Housing process revamped
By: Jim Vogel – Staff Writer
The University of Dayton Housing and Residence Life will implement a new housing process this semester starting with rising sophomores as part of a plan to incorporate a comprehensive housing curriculum for all students living in university residences, Director of Housing Operations Jim Froehlich said.
The major change to the process involves how a unit or space is assigned to a group, Froehlich said. The traditional method involving the assignment of a random number based on conduct points will no longer be used Assistant Dean of Students Steven Herndon said the previous system based on conduct points was unfair to students who may have received infractions during their freshman year and changed their behavior after those isolated incidents of misconduct.
“We found conduct points were impacting students for two years. Even if they made changes to their behavior, they were still not able to gain any standing in the lottery,” Froehlich said.
This year, conduct points will play no role in the sophomore housing assignment process, Froehlich said.
Rising sophomores will indicate their direct roommate in addition to the other roommates they want in their group. This additional information on direct roommates is meant to alleviate any anxiety over getting a random roommate, Herndon said.
Additionally, rising sophomore will choose a set of ranked room types in which they want to live. For example, students can select to live in a six-person apartment with a kitchen as their first choice, a four-person apartment with a kitchen as a second choice, and a four-person suite as a third choice, Froehlich explained.
Students will not choose a particular room number or house address under this new system, but will instead be placed in the highest-ranked type of residence based on their preferences, Herndon said.
Rising junior and seniors will be assigned a random number, with no calculations based on conduct points and will use the lottery system from years past that will allow them to pick specific addresses or room numbers during the five-minute slot which their group is assigned, Froehlich said.
“The new system for housing assignment was a directive from the provost and was organized by a committee of faculty, staff and students,” Herndon said. “This year is a transition year and the whole system will not be in place.”
Beginning next spring, all students will participate in the non-lottery system. Students will earn engagement points by taking part in an outside the classroom curriculum sponsored by Housing and Residence Life meant to enforce their main priorities like alcohol education, sexual assault risk management, learning together in community, the Commitment2Community standards and other programs, Herndon said.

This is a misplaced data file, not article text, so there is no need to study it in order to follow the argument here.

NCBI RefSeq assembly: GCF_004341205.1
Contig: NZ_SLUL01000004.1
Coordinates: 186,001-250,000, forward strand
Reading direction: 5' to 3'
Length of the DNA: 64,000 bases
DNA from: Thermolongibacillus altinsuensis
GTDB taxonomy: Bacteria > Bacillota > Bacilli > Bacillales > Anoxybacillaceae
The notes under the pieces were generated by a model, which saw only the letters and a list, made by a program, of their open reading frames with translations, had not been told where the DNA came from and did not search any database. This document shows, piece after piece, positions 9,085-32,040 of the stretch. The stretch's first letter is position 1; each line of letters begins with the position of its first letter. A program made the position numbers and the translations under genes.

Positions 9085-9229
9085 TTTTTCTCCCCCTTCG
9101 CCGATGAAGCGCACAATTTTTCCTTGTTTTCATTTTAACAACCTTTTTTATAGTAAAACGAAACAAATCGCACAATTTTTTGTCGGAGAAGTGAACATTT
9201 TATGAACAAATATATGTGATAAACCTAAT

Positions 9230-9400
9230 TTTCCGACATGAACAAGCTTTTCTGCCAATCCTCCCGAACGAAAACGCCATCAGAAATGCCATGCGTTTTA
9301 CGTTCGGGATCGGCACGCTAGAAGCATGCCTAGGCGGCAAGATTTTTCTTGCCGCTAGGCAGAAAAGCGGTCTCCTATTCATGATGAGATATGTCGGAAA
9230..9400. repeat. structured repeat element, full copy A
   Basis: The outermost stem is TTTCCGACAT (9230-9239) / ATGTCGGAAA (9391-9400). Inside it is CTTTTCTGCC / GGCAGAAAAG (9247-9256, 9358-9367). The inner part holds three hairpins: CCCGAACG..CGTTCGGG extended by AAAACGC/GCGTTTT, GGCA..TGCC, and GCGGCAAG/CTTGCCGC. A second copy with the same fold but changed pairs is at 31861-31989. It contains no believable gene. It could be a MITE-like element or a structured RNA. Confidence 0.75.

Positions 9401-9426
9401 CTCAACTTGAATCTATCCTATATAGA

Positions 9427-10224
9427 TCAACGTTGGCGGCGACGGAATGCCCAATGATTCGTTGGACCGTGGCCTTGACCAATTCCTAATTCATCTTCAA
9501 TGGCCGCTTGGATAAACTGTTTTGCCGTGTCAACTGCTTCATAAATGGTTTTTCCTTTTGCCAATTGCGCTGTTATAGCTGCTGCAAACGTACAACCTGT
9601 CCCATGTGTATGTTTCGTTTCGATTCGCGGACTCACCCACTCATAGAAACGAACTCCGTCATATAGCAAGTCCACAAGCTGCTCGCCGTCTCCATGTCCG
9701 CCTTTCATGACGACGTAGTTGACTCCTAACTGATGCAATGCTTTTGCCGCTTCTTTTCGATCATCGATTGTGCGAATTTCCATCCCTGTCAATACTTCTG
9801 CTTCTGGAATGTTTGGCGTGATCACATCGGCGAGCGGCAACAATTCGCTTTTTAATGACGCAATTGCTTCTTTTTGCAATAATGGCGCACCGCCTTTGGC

“The intent is to incentivize these Designed Learning Experiences so that students will take part in our curriculum and benefit in their housing assignment as a result,” Herndon said.
The curriculum is designed in a sequence that develops over the four years as students learn valuable lessons and gain added choices, freedoms, and benefits that come in some of the housing options for junior and senior year, Froehlich said.
Students will have the option to live in communities that stress certain skills and curriculums like servant leadership, substance-free living, or honors living spaces. Based on the types of engagement points they earn from events that correspond with the different curriculums, students will get priority in these communities, Herndon said.
“We want to reward students for learning. Many of the Designed Learning Experiences that are worth points to students have already existed on campus. This is a way to support students who chose to make good decision,” Smith said.
Freshman pre-physical therapy major Taylor Jones said she thinks it’s beneficial to eliminate the conduct points out of the lottery system.
“I think that it is good to get people educated about community living through the new housing process,” Jones said.
“Many times people are just in the wrong place at the wrong time when they are written up. It is also great to know that you will be placed with your direct roommate regardless of your housing assignment. This eliminates a lot of anxiety and worry about living with a random person.”
The special interest housing application process will still be in place for rising juniors and seniors. The applications require students to detail specific goals and purposes they will achieve through their special interest request and are required to give reports to Residence Life after being approved, Froehlich said.
Details of the new system will be posted on the UD Housing and Residence Life website. In addition, floor meetings for all current freshmen will begin Feb. 17 and building-wide meetings in each freshman dorm to explain the changes in detail will begin Feb. 24.
Applications will open for sophomores online from March 10 to 21 and assignments will be sent after, Froehlich said.